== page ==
Even then, they actually used a tweaked version of ChaCha20 that uses a 96-bit nonce (just barely large enough to be suitable for randomly-generated nonces) and a 32-bit counter (limiting its use to 128GiB for a given nonce). Also, an extension XChaCha20 was recently published which performs an extra 20 rounds to initialize the cipher state, allowing for 192-bit nonces with no corresponding reduction in counter size.

So now there's three variants of ChaCha20

  * ChaCha20 (256-bit key, 64-bit nonce, 64-bit counter)
  * IETF ChaCha20 (256-bit key, 96-bit nonce, 32-bit counter)
  * XChaCha20 (256-bit key, 192-bit nonce, 64-bit counter)


> an extension XChaCha20 was recently published

It has? With test vectors and all? I want that, do you have a link?


I could have sworn I saw a paper on this recently. I may have hallucinated it.

Edit: Shit, considering it further, what I was remembering was the recent paper on BLAKE2X, not XChaCha20.


Yes, but that's true of all sorts of things that aren't really global standards. Don't get me wrong: you should use Salsa ciphers. I'm just trying to provide the most honest possible accounting.


> Both are so fast that the speed difference is not particularly important,

Without hardware support timing attack resistant AES is not so fast.

(and then there is the adventure of many motherboards shipping with hardware AES disabled in the bios...)


Without hardware support AES isn't competitive with Salsa20 anyways.


AES is hard to implement on a general purpose computer in a way that is both fast and doesn't leak through cache timing attacks.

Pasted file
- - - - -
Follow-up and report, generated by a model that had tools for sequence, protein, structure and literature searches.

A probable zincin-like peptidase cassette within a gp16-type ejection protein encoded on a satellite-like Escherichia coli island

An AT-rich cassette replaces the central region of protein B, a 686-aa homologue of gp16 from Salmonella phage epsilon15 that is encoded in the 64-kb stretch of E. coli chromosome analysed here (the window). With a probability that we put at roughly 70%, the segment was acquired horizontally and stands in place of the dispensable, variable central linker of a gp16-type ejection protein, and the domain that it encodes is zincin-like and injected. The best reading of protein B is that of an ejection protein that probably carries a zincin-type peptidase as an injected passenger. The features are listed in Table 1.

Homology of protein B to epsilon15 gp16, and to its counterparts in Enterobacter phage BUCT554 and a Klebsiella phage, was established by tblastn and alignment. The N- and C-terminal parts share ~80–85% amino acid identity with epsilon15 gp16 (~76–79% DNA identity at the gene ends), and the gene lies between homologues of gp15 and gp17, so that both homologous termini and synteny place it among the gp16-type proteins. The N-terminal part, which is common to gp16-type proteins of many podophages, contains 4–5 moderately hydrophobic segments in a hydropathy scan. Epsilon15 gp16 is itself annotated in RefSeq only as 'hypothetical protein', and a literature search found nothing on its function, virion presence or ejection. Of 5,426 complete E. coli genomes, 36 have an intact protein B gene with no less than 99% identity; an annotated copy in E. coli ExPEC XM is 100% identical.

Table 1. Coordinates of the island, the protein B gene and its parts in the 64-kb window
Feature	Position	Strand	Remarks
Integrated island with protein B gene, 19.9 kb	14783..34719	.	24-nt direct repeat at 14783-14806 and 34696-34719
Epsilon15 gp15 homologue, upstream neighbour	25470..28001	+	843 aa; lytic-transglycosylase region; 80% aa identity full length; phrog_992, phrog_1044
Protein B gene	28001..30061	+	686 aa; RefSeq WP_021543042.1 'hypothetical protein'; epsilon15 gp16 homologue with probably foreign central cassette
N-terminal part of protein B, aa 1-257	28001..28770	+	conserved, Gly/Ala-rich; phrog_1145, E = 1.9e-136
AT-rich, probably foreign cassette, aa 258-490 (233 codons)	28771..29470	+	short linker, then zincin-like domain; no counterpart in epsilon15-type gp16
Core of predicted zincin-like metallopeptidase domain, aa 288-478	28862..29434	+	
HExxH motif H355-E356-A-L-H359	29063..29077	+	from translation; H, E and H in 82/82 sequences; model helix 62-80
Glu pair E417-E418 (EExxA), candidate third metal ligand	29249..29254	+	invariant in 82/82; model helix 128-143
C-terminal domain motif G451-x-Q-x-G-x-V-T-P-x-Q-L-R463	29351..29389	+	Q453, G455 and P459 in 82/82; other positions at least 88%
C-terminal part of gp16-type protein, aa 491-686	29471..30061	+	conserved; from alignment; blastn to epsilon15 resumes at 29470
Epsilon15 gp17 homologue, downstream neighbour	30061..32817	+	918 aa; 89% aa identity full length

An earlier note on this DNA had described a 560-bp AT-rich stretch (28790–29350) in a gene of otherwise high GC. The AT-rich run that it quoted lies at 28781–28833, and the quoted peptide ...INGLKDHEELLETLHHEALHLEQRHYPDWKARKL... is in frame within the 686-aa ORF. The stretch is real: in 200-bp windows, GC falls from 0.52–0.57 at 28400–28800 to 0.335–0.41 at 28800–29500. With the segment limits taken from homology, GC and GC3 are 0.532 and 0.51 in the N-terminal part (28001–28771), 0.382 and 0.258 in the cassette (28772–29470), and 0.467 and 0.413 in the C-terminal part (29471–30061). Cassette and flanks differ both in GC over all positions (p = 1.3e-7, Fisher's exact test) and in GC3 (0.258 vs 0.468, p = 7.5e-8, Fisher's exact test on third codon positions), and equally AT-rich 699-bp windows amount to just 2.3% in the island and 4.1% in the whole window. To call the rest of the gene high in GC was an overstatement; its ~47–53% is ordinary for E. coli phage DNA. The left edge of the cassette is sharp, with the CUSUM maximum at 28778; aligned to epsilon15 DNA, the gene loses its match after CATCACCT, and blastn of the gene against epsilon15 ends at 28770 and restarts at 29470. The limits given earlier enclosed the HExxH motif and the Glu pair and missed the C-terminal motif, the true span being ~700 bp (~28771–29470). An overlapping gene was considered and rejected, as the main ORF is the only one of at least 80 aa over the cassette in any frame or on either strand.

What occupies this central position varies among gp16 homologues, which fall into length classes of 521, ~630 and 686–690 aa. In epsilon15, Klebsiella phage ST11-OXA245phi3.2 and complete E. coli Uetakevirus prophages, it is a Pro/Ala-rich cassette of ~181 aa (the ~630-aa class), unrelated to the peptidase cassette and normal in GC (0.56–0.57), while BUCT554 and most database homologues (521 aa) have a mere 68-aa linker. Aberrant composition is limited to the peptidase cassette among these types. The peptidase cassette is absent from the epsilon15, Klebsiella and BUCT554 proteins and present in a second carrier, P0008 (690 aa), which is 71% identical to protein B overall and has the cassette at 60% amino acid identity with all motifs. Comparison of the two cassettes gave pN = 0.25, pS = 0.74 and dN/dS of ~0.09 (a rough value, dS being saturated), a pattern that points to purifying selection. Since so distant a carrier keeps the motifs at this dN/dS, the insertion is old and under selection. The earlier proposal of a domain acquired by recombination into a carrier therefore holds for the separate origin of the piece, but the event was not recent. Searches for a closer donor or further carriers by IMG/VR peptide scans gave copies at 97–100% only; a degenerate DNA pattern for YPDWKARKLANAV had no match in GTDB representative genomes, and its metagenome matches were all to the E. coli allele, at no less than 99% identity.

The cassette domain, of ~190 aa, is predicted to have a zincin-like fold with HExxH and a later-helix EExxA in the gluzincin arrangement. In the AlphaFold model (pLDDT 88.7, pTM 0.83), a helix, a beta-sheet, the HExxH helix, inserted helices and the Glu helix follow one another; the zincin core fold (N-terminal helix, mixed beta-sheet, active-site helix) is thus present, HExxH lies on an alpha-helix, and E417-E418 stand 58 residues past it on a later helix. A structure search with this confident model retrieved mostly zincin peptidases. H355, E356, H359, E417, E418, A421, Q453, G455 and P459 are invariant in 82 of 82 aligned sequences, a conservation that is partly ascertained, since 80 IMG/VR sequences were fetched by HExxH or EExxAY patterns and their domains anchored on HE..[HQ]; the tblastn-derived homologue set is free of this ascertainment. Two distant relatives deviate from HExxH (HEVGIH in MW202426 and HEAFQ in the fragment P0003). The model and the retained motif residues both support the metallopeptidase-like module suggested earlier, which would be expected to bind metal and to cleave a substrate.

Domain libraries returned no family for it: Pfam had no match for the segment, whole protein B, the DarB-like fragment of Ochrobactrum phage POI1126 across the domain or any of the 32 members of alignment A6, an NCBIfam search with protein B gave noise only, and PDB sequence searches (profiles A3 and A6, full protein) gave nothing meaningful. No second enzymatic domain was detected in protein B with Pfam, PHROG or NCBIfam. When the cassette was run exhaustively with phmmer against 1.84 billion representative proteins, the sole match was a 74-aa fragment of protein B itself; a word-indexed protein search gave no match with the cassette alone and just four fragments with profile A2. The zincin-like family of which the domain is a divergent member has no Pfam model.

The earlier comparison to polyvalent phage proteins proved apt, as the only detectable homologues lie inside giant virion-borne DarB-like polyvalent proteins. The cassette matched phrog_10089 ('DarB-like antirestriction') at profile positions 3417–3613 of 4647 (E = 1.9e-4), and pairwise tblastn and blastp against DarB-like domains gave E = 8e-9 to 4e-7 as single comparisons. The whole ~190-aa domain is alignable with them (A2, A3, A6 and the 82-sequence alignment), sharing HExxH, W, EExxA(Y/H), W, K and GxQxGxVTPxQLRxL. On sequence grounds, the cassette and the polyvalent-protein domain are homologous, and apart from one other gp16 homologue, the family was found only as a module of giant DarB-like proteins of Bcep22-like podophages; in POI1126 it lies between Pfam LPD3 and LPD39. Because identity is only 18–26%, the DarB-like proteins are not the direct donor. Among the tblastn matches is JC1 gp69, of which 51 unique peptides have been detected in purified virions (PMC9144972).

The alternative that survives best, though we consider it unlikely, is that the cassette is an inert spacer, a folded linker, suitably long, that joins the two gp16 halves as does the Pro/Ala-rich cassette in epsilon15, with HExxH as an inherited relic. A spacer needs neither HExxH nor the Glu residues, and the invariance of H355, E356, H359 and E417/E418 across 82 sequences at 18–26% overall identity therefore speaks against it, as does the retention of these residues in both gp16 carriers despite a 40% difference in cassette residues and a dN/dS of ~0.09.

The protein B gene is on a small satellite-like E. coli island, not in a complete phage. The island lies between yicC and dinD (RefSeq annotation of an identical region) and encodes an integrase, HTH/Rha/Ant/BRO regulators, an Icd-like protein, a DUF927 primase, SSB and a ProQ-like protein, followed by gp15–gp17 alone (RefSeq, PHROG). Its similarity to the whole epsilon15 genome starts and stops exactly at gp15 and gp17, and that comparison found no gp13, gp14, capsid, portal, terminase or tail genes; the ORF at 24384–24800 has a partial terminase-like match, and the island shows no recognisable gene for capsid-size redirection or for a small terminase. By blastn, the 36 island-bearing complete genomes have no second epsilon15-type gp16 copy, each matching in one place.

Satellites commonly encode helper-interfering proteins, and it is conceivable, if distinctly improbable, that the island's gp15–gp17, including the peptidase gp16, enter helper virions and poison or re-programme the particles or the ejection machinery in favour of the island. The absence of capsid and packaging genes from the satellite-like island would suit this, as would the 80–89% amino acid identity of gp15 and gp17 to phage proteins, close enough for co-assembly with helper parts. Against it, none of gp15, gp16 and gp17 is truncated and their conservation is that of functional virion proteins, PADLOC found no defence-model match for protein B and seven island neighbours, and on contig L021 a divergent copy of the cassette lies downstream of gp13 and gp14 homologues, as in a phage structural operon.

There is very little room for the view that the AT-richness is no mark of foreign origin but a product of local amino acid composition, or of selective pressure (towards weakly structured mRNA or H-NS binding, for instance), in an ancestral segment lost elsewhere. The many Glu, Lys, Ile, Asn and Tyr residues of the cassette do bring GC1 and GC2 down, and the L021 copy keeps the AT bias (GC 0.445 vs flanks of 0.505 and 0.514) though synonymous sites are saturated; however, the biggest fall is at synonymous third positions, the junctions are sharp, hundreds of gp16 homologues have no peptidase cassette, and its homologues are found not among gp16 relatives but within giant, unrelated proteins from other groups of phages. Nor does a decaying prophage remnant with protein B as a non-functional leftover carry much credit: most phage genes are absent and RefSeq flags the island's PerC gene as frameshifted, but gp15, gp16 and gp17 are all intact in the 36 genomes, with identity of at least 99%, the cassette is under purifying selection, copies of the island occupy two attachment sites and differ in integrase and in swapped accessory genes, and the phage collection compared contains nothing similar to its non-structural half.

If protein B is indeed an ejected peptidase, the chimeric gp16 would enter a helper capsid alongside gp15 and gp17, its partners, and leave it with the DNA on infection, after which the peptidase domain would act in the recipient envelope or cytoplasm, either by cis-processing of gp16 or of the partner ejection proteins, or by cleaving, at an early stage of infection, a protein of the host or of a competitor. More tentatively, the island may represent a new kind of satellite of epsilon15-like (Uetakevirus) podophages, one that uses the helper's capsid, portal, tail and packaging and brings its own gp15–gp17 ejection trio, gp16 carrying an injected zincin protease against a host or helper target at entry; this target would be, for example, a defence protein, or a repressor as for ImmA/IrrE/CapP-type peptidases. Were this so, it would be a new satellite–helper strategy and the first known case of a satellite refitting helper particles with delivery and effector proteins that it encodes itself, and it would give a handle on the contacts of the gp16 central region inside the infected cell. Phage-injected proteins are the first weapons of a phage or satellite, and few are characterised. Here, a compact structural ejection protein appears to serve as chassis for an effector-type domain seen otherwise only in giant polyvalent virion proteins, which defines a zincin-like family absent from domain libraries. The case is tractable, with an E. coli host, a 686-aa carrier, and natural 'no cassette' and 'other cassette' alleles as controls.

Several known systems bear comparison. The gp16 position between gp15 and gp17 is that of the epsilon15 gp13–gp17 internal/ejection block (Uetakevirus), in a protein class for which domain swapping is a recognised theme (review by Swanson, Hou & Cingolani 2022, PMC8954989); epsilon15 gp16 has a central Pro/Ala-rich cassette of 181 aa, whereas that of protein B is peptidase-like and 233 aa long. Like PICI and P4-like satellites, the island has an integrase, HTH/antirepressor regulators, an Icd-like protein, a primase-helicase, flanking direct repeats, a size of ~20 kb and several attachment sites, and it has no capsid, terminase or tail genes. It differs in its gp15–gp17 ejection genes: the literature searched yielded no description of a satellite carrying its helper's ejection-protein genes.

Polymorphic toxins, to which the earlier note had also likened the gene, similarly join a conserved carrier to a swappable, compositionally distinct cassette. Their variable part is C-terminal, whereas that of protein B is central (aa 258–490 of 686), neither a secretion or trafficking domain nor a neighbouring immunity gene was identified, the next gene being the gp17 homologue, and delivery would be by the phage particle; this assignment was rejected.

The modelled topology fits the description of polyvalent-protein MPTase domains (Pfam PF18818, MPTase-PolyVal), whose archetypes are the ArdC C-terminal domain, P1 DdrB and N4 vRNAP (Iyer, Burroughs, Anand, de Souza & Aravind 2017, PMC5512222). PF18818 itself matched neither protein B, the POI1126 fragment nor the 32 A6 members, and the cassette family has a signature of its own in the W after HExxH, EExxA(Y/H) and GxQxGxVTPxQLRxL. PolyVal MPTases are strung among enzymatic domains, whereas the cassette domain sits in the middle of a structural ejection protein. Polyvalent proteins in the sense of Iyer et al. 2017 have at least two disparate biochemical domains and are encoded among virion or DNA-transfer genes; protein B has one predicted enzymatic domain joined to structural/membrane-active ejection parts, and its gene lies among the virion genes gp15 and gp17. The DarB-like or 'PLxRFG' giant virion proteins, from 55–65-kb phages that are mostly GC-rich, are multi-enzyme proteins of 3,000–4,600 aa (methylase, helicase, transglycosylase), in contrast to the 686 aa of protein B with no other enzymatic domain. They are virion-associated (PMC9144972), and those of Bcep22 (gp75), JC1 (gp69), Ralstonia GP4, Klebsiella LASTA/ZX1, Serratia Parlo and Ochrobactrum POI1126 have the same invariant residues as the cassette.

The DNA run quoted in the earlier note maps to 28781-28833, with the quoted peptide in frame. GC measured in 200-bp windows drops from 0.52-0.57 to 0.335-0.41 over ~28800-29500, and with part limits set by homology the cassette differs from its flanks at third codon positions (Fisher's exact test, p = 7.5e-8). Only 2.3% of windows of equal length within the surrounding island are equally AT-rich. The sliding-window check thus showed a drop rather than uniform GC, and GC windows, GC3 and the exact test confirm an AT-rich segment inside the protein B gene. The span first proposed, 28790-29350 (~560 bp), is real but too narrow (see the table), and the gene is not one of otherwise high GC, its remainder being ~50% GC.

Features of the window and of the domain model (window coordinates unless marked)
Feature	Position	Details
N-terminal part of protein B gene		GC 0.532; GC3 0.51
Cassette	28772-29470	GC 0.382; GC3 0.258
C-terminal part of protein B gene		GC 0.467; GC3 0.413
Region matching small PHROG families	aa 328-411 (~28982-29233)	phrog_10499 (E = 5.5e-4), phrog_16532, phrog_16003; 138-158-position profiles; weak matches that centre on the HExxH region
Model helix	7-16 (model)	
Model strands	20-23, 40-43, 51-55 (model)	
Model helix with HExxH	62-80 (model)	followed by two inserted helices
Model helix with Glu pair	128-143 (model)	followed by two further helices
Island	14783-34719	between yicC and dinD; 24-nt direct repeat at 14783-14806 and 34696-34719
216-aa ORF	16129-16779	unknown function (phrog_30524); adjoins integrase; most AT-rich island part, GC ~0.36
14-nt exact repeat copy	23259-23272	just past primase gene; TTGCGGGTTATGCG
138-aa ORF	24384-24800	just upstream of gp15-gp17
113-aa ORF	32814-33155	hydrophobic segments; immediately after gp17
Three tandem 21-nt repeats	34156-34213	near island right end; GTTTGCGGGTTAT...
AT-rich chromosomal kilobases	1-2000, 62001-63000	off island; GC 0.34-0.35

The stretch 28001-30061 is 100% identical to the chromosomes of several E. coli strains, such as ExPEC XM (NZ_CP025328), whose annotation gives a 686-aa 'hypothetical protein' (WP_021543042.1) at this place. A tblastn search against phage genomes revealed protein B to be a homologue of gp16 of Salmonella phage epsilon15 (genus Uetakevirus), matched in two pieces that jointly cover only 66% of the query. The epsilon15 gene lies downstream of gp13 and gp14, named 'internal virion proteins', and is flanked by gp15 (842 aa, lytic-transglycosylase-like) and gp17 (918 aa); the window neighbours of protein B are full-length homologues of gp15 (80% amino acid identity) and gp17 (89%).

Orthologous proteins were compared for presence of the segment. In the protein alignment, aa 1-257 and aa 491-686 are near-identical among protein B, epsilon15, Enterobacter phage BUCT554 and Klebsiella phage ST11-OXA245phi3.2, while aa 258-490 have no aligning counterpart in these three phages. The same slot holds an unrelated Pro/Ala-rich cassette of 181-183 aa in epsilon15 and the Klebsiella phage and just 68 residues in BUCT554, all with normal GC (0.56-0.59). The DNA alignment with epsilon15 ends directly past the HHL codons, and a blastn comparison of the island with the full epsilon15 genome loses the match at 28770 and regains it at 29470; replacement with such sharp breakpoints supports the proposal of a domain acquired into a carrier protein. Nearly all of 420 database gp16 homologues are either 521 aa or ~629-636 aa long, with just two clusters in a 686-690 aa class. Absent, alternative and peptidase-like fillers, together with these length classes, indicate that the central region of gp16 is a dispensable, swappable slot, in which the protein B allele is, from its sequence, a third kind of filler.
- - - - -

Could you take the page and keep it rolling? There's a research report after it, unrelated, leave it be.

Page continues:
The safe way to use AES is by using a hardware implementation, like modern x86 and some ARM CPUs.

The best software implementations use bitslicing and SSE, but are still slow. The best I saw is an Emilia Kasper and Peter Schwabe paper[1] from 2009 on bitsliced AES-GCM has 21.99 cycles/byte performance for constant-time implementation authenticated AES-GCM.

For comparison, Intel shows[2] 0.77 cycles/byte for same with a hardware implementation, albeit on a newer CPU.

Chacha is fast on modern general purpose CPUs without the need for a hardware implementation of chacha. One reason it's fast is that it was designed so that a normal compiler can generate machine code from regular-looking C code in such a way that it uses vector (wide) registers and uses independent operations to use as many operations in the CPU in parallel in the same clock cycle, without requiring an assembly wizard to do that. Intel can afford assembly wizards (i.e. Shay Gueron), other people can't.

Modern TLS stacks prefer AES when running on a CPU that has AES hardware and fallback to chacha otherwise. They of course fallback to either a slow or an insecure implementation of AES if the other side doesn't support chacha.